The Evolution of Hotel Chatbots (Updated)

Evolution of Hotel Chatbots

Updated, May 2017:
According to consulting firm Activate, 3.6 billion users will be using messaging apps to connect with friends and businesses by the end of 2018. With many identifying AI (Artificial Intelligence) and hotel chatbots as one of the top hotel technology trends in 2017, we thought it timely to update this article – originally published in July 2016.

The times they are a-changin’. In our ‘always on’, connected world, guests are becoming increasingly demanding in how they want to communicate with hotels.

No longer content with picking up the phone, or simply booking online, they want convenient access to ask questions before, during and after their stay. They want concierge services quite literally ‘on tap’. And they want you to be on the platforms they use daily, rather than download yet another app on their smartphones.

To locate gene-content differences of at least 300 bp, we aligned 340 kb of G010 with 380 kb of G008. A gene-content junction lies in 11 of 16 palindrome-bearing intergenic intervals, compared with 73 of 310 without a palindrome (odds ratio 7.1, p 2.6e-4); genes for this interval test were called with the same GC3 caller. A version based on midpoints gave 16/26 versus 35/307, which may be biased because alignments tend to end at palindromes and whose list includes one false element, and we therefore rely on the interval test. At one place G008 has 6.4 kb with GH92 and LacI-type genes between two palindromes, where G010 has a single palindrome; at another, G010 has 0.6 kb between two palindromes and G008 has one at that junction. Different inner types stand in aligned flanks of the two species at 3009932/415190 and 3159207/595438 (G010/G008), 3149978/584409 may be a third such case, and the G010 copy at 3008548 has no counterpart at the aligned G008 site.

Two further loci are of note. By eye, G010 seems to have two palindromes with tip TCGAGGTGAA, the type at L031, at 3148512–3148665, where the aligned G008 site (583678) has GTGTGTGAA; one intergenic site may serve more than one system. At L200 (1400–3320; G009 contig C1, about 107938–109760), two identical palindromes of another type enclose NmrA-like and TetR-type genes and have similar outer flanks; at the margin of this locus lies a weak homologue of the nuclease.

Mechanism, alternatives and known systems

Enter chatbots.

What is a Chatbot?

A chatbot, also known as a chatterbot, talkbot or artificial conversational entity, is a service that simulates the behaviour of a human within a conversational environment. They can be standalone services or integrate within other messaging platforms like Facebook Messenger. They normally allow the sending of messages via text/audio, along with more advanced structured messages that can include calls-to-action, scroll bars, links etc.

Chatbot’s wider use in hospitality is still evolving, but presently includes hotel booking, customer service enquiries, pre/post stay enquiries and general travel advice.

One of the most significant recent developments in chatbot technology was Facebook’s announcement of their Facebook Messenger chatbot platform in April 2016. With over 900 million members using it’s service on a monthly basis, there’s clear potential for a lucrative new booking channel and an opportunity to reduce the amount of questions that your reservations team deal with day-to-day.

The 4 big challenges for hotels in adopting chatbot technology are likely to centre around;